Black sesame seeds are considered as sacred seeds that have the power to pacify the souls of the ancestors. Sesame seeds are rich in oil and calcium and they represent nourishment, strength and longevity. Sesame seeds also have a cooling effect on the body and help in balancing the heat generated by the ritual.

Rice grains are the staple food for most Hindus and they represent prosperity, abundance and fertility. Rice grains are offered to the ancestors as a sign of gratitude and respect. Rice grains also have a soothing effect on the mind and help in calming the emotions.

Barley is a type of cereal that is considered as auspicious and sacred in Hinduism. Barley is associated with Lord Vishnu, who is the preserver of life and the protector of dharma. Barley is offered to the ancestors as a symbol of protection, stability and harmony. Barley also has a high nutritional value and helps in improving digestion and immunity.

Kusha grass is a type of grass that is considered as holy and sacred in Hinduism. Kusha grass is associated with Lord Brahma, who is the creator of the universe and the source of all knowledge. Kusha grass is used to make mats or rings on which the performer sits or wears during the ritual. Kusha grass acts as an insulator and prevents the loss of energy from the body. Kusha grass also has antiseptic and antibacterial properties and helps in preventing infections.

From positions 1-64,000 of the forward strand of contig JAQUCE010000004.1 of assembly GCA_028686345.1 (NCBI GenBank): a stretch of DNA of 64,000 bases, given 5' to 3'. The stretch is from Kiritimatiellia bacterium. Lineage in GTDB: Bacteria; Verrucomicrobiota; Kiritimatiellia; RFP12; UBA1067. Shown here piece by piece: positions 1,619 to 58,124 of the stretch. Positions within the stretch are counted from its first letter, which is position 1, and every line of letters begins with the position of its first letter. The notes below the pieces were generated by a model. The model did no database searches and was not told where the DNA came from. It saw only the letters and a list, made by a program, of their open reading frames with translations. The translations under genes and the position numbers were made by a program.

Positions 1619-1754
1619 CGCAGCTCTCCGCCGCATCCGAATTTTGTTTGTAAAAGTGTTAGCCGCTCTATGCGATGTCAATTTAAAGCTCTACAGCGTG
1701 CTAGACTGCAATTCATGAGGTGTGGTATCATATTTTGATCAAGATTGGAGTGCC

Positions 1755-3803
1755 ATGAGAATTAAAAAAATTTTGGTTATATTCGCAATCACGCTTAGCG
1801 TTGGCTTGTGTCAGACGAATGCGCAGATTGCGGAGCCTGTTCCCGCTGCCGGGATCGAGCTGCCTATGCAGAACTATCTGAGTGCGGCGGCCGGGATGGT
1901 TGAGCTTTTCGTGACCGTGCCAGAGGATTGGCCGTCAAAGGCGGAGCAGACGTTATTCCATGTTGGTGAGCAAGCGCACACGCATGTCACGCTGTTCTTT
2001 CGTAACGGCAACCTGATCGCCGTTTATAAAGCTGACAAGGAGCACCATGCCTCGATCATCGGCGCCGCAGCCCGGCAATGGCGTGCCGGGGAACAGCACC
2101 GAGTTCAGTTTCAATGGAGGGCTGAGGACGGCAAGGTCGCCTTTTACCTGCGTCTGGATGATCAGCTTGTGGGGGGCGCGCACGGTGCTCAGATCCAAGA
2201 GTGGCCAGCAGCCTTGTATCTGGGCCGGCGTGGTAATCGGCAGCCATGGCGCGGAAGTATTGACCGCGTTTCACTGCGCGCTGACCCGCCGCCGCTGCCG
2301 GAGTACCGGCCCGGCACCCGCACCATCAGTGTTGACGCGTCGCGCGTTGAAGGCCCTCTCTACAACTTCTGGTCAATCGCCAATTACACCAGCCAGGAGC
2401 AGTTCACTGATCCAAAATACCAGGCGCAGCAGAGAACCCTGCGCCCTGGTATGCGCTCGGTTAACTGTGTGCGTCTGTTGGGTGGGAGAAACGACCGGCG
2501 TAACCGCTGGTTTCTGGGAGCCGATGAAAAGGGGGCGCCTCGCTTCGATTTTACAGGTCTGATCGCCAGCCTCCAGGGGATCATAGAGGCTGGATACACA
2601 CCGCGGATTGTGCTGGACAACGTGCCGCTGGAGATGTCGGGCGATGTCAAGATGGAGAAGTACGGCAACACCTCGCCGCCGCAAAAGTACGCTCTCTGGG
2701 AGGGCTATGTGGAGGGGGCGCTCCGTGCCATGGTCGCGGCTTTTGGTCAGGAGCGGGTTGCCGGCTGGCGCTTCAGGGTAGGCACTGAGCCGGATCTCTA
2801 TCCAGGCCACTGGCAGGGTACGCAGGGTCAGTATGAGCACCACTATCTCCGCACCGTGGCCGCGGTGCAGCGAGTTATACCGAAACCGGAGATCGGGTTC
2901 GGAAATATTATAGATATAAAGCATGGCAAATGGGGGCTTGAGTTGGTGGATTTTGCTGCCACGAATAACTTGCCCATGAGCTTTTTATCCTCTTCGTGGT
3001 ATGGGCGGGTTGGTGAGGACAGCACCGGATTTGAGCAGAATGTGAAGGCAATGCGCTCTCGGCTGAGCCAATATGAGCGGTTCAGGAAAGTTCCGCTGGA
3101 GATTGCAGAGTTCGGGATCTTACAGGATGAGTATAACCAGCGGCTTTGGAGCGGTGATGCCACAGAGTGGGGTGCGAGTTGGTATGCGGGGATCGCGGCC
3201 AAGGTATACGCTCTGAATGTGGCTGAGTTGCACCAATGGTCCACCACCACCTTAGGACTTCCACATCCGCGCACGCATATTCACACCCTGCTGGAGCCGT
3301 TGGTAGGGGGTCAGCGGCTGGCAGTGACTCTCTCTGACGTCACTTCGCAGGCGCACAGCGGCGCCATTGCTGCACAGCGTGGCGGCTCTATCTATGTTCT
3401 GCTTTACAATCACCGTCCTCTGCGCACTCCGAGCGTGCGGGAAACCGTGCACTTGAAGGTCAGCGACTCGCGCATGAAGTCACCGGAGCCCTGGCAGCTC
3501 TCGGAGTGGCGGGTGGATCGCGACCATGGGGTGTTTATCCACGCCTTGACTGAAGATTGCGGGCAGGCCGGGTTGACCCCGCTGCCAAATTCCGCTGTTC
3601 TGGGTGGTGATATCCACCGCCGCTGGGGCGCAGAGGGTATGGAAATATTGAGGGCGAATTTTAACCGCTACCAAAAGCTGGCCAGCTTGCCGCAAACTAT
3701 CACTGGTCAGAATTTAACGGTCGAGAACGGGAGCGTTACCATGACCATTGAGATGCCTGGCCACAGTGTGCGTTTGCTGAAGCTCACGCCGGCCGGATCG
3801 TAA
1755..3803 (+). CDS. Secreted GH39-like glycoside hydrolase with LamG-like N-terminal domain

Special Foods Prepared During Mahalaya Amavasya

Mahalaya Amavasya is a day when people prepare sattvic or pure vegetarian food for themselves and their ancestors. Some of the common dishes prepared on this day are:

- Rice: Rice is considered as a staple food for Hindus and is offered to the ancestors as a symbol of nourishment and prosperity.
- Dal: Dal or lentils are cooked with spices and herbs and are offered to the ancestors as a symbol of simplicity and humility.
- Kheer: Kheer or rice pudding is made with milk, rice, sugar and dry fruits and is offered to the ancestors as a symbol of sweetness and happiness.
- Payasam: Payasam or vermicelli pudding is made with milk, vermicelli, sugar and cardamom and is offered to the ancestors as a symbol of delicacy and elegance.
- Puri: Puri or deep-fried bread is made with wheat flour, oil and salt and is offered to the ancestors as a symbol of crispiness and freshness.
- Sabzi: Sabzi or vegetable curry is made with various vegetables, spices and oil and is offered to the ancestors as a symbol of diversity and health.

Mahalaya Amavasya , know its importance , foods to have and avoid during this day

Foods Which Are Not Consumed During Mahalaya Amavasya

Mahalaya Amavasya is a day when people avoid consuming certain foods that are considered as tamasic or impure for Hindus. Some of these foods are:

- Onion: Onion is avoided as it is believed to induce anger and lust in the mind.
- Garlic: Garlic is avoided as it is believed to lower the immunity and vitality of the body.
- Meat: Meat is avoided as it is believed to cause violence and cruelty in the heart.
- Egg: Egg is avoided as it is believed to be a product of animal suffering and exploitation.
- Alcohol: Alcohol is avoided as it is believed to impair the intellect and judgment of the person.

Mahalaya Amavasya is a day that reminds us of our roots and our connection with our ancestors. It is a day that teaches us to respect and honor our elders and to seek their blessings and guidance. It is a day that inspires us to live a righteous and virtuous life and to contribute to the welfare of the society